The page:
the privilege of knowing & working for the Barrio Doctor

Ms Didith Tayawa- Figuracion and the great man, Senator Juan Flavier

Ms Didith Tayawa- Figuracion and the great man, Senator Juan Flavier

[Note : Today we give way to someone special on a special subject.  Though we didn’t know it then, my friend and fellow migrant Ms Didith Tayawa-Figuracion and I worked in the Senate of the Philippines at roughly the same time.  I couldn’t make one word better in this simply written but eloquent tribute to not just a dedicated public servant but a great man, Dr Juan Flavier.  Thank you Didith and Clark (get well soon) for allowing me to repost. ]

Here’s a tribute to SENATOR JUAN MARTIN FLAVIER, my former boss, idol, father figure and Ninong, all rolled into one:

You were my boss in the Senate for 10 years before moving to New Zealand to start a new chapter of my life. In all those years, I have only but happy memories.

I remember how you fondly called me Pocahontas.

I remember how you consoled me after being emotional when substantial changes to the proposed Indigenous Peoples Rights Act (IPRA), a landmark legislation, were made at the Bicameral Congressional Committee on Cultural Communities.You said: “Didith, in life, you can’t win them all.You have to be prepared to compromise. What is important is to identify your non-negotiables and fight tooth and nail for them.” These are words that have guided me in life all these years.

I remember the campaign trail and speaking engagements when I accompanied you. No matter how many times I have heard some of your jokes and anecdotes, you never fail to make me laugh.You are a stellar public speaker – funny and witty. I asked what your secret was and you said: “Didith, if you make your audience laugh and cry at the same time, you hit the right spot. Speak from your heart and don’t be afraid to make jokes of yourself and your experiences”. I’m trying to but it is easier said than done.

I remember with fondness our Senate family. We ate together, travelled together. You treated us like your own children. We were a very happy family.

I remember how generous you were in your praises of your staff members. At the signing of the Indigenous Peoples Rights Act (IPRA) as a law in Malacanang Palace in 1997, you introduced me to then President Fidel Ramos as the one who worked hard for the passage of the law even if the credit was yours because of your steadfastness and resolute to have this law passed when others have failed. Previous Congresses have not even reached the Second Reading. You always introduced your staff as the ‘one that makes you look intelligent’ even if you should get all the credit because you put your 100% in all you do. We were just happy to say that ‘you are the one that makes us look honourable’. You are a remarkable man, a very humble man.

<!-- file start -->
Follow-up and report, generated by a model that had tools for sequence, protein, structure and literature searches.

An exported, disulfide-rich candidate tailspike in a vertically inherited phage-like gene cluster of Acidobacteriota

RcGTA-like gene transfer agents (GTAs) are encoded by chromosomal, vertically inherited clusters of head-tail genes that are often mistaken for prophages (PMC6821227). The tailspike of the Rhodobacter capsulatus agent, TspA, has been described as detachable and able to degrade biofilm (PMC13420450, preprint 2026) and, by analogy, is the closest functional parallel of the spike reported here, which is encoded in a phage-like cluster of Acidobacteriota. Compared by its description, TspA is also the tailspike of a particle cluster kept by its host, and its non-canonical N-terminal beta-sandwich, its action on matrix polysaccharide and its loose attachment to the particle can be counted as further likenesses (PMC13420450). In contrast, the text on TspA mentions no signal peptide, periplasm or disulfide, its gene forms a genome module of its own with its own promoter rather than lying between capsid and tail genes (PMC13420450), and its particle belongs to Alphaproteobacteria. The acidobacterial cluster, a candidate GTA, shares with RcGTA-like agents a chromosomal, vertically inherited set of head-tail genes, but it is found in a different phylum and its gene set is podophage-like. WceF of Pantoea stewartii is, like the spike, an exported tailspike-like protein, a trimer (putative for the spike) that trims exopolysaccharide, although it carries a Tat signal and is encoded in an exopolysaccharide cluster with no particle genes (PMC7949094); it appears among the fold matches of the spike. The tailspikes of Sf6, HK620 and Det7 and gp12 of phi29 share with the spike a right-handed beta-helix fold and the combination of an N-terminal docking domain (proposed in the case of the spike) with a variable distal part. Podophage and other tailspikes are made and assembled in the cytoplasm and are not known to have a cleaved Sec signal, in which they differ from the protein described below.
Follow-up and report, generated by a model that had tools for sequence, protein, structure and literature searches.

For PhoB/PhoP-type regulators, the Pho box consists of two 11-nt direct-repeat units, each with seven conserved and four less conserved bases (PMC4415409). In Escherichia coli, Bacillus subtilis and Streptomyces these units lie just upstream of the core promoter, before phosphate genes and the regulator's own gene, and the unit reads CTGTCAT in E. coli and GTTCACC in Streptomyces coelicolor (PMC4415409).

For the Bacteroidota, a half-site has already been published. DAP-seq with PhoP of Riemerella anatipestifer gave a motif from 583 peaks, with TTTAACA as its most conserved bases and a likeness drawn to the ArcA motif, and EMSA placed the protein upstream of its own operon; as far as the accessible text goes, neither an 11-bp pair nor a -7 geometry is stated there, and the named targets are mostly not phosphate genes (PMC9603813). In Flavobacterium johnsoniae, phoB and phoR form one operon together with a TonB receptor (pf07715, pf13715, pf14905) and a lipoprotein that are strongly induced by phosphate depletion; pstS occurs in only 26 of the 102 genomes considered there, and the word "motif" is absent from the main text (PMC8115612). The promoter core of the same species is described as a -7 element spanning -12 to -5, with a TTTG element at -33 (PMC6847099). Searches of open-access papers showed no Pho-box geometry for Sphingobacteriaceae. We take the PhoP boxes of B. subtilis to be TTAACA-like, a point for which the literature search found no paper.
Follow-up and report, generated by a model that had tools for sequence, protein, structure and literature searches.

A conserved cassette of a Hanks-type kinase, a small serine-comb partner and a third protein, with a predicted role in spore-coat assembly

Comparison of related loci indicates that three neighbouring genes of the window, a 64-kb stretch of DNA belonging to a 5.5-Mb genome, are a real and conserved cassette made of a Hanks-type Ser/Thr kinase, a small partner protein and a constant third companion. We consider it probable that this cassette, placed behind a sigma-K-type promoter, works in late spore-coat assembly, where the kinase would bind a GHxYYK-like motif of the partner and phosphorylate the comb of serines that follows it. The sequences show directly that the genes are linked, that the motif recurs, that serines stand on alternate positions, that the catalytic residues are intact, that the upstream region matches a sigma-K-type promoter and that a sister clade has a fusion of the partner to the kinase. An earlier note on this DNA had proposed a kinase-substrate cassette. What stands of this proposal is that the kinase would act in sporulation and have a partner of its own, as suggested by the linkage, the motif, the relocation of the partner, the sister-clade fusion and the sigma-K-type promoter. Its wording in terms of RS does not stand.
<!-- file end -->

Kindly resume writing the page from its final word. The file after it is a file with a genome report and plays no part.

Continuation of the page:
I remember how you were unconventional as a Senator. Our Senate Office was the only one with a note on the door stating that you do not accept solicitation letters nor invitations to weddings or baptismal as a sponsor. Others said it was a political suicide. You said you are in the Senate to make laws and not distribute money. You also said, how can you be a true godfather to people you do not know and not even met? This is because you take seriously the role of a godfather.

I remember that when you were driven to work and home, you only have one route and traversed it everyday. You never wanted any other way no matter how bad the traffic was.You never had a bodyguard nor used your ‘wangwang’ nor the car’s horn. You even drove your grandchildren, to SM for instance, on your own. You didn’t drive any of the luxury cars other Senators or public officials drove. You lived a life of a simple man despite your stature.

I remember your advice to us at our wedding. Even if you were not physically present at our wedding here in New Zealand, you sent us your lovely message. You said that your secrets to a happy marriage are: 1) never sleep with your problems/issues unresolved because when you wake up the next day, the problem will remain unsolved plus a headache and irritation for lack of sleep; 2) when one is fire, the other should be water; learn to keep quiet and placate the other person before opening your mouth; 3) always say ‘I love you’ and kiss your partner before you leave the house or the car because you’ll never know that it maybe your last and always remember to celebrate important milestones in your life. Simple advices but true and tested.

I remember how you and Ninang Susan allowed us to visit and had lunch with you at your home in Tandang Sora whenever we go visit the Philippines for holiday, even if in those times, you don’t feel well and were not accepting of visitors. You said that we are always welcome and treat your home as ours. We value that trust and privilege.

I will always remember you. You will always be in my heart. I thank God that I had the privilege of knowing you, being close to you. An honourable person like you, in this time and age, is difficult to come by. So it is indeed an honour and privilege to be associated with you in your life’s journey.

I love you JMF. I will miss you. Goodbye.

Didith Tayawa Clark Figuracion
Wellington, New Zealand